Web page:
Craig Trent's Commentary

Posted September 3, 2006 (user submitted November 3, 2005)

OK, so this is not really a "dead mall"....more like a burned out destroyed mall:

Oakwood Mall, located on the West Bank of New Orleans, in Jefferson Parish is probably the hardest hit mall from Hurricane Katrina in terms of damage. Originally built in the late 1960's the anchors back then were D.H. Holmes (later bought out by Dillards) Sears, and a General Cinema outparcel. Through the years the mall was renovated, added onto and eventually became the second largest mall in terms of gross sales for the New Orleans area (first being Lakeside Mall in Metairie). It's most recent renovation was in the late 80's when it was owned by the Rouse Company, who also owned The Riverwalk located in Downtown New Orleans.

At the time of the fire, the major anchors were Dillards, Mervyns, and Sears. After Hurricane Katrina hit on August 29, 2005, the New Orleans area became a horrible site of lawlessness, looting and frenzy. Oakwood fell victim to both excessive looting as well as vandalism and arson. According to local police reports, looters set fire to piles of clothes in several of the smaller mall stores. The larger anchors were spared arson, but were seriously looted. The fires were contained to certain areas thanks to the heroic work of local firefighters who worked under extreme conditions to contain the blaze. Areas of the mall which were burned are currently being rebuilt. The Sears anchor store is actually open and operating.

Following is the text of the story from

Dennis Woltering / WWL-TV Reporter

Encouraging news about the future of the Oakwood Shopping Center, after a fire raced through the building in the aftermath of Hurricane Katrina, burning some stores within the mall. Mall officials said looters stole sneakers, jewelry and cell phones before setting fire to the Oakwood Shopping Center. Mall management for the West Bank retail hub has vowed to rebuild. However, the mall is not recovering from Katrina. It is recovering from looting, lawlessness, and a devastating fire that left 30% of the mall severely damaged.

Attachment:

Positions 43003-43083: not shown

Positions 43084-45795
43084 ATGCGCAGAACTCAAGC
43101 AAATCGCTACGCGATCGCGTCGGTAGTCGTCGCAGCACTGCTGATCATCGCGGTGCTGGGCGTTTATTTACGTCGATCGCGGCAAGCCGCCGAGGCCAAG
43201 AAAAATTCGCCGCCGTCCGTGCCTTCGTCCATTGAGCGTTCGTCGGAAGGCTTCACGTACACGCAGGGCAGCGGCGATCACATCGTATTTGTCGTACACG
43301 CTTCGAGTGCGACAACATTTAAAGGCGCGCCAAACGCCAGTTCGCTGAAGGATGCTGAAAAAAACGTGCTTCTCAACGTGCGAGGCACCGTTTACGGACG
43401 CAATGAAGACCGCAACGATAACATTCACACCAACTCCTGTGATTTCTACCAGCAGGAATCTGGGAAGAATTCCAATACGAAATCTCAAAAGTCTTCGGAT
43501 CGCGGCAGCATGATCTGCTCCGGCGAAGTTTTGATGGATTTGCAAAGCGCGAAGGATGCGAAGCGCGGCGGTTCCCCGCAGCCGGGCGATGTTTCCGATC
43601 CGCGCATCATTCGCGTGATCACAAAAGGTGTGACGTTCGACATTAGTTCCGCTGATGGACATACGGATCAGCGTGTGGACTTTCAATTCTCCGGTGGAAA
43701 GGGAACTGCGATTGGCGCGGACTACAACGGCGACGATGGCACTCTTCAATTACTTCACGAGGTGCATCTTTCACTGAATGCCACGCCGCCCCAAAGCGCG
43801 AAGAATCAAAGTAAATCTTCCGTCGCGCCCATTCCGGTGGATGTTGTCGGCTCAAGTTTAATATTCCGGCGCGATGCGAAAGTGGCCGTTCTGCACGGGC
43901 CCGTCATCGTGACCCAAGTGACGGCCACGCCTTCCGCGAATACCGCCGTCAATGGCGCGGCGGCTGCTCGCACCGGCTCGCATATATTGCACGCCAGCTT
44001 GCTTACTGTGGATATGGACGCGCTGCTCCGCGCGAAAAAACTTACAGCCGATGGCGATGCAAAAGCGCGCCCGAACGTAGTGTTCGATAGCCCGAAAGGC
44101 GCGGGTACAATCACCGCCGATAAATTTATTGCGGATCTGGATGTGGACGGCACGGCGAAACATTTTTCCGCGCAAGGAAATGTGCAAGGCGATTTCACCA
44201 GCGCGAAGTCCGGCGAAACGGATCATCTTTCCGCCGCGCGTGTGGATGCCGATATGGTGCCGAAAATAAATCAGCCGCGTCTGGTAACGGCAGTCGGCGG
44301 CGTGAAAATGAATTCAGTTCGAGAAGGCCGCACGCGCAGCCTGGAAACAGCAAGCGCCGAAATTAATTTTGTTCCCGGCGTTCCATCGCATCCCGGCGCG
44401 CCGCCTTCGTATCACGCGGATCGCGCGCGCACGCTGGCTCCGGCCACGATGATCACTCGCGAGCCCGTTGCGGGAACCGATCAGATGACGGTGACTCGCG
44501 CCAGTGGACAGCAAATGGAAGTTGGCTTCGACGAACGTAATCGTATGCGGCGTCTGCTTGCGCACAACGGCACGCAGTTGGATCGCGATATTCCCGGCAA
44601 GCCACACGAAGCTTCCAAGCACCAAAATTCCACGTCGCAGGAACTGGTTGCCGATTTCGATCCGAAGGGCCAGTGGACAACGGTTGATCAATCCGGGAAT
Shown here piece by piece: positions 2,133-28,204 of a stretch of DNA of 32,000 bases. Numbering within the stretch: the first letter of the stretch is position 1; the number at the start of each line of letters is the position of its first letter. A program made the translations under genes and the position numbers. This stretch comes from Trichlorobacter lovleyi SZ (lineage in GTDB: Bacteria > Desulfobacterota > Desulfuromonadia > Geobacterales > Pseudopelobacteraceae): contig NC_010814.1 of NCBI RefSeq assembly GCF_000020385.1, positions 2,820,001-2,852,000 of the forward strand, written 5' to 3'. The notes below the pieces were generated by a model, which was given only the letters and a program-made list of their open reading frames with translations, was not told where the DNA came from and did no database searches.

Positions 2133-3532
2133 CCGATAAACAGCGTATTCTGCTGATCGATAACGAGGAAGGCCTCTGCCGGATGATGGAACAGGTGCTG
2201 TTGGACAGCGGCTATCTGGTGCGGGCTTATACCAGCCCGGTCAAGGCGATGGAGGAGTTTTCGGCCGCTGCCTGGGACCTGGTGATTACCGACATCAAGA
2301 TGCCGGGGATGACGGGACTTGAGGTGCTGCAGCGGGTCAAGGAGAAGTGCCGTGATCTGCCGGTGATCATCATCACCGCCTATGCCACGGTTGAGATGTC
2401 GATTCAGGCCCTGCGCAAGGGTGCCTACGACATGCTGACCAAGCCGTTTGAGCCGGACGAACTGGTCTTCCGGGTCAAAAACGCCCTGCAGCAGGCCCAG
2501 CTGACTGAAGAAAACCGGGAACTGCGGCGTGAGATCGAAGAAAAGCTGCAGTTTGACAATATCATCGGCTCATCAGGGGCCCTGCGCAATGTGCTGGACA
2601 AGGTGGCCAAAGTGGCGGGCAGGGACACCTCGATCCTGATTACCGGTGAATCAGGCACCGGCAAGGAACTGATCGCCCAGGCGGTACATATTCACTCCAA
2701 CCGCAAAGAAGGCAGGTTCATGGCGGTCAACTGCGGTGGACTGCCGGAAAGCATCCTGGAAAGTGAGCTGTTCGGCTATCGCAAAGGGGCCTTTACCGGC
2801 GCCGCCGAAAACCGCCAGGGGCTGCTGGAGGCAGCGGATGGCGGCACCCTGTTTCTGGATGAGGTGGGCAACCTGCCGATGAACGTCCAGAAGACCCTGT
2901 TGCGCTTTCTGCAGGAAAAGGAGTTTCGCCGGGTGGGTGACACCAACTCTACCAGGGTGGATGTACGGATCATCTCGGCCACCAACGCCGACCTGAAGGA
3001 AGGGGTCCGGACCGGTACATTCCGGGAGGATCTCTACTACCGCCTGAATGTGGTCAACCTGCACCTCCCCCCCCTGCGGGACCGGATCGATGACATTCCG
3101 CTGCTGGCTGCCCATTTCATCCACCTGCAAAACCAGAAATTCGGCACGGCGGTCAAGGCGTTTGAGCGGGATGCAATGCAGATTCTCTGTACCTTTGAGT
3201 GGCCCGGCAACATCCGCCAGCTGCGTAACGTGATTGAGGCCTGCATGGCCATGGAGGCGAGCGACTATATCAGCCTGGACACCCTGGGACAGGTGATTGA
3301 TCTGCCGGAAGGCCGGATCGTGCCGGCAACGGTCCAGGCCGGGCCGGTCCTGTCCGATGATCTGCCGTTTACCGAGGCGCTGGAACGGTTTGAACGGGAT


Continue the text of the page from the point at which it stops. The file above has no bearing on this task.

Officials said initially, the looters broke in through skylights, and that the hotspots they found in the fire zone indicate the thieves who ran out of the mall with sneakers, jewelry and cell phones, also set the place on fire.

Low water pressure made it tough for firemen to fight the blaze. And the lawlessness made them afraid for their own safety. But they persevered, and finally put out the fire. Officials said 30% of the stores at the Oakwood Sopping Center were damaged in the fire. Still, the impact leaves more than 100 stores unable to open right now, close to 2,000 employees without jobs, and Jefferson Parish without millions of dollars in tax revenues.

'The sales tax revenue that this mall creates in property tax, in order for us to be able to keep schools open, to be able to have policemen on the streets, to be able to fund our fire departments, and just public services, is just tremendous,' said Jefferson Parish Councilman Chris Roberts. 'Its a big economic blow to Jefferson Parish; in the millions of dollars.' 'Im not sure people do these types of things that they really recognize the impact, not just to corporations, but to the people who's livelihoods are here, who's jobs are here, that now are displaced. And so I think that's just very sad and unfortunate,' said Brian Glade, Senior Manager for the Oakwood Shopping Center.

Mall management said Sears and other anchor stores either have reopened or will reopen before the bulk of shops in the mall come back. One-third of the mall is so badly damaged it has to be demolished and rebuilt. Glade stresses the mall will reopen, but he cannot even guess when that will be.

The good news is Sears has already reopened, and one or more of the other anchor stores may also reopen before the rest of the mall.

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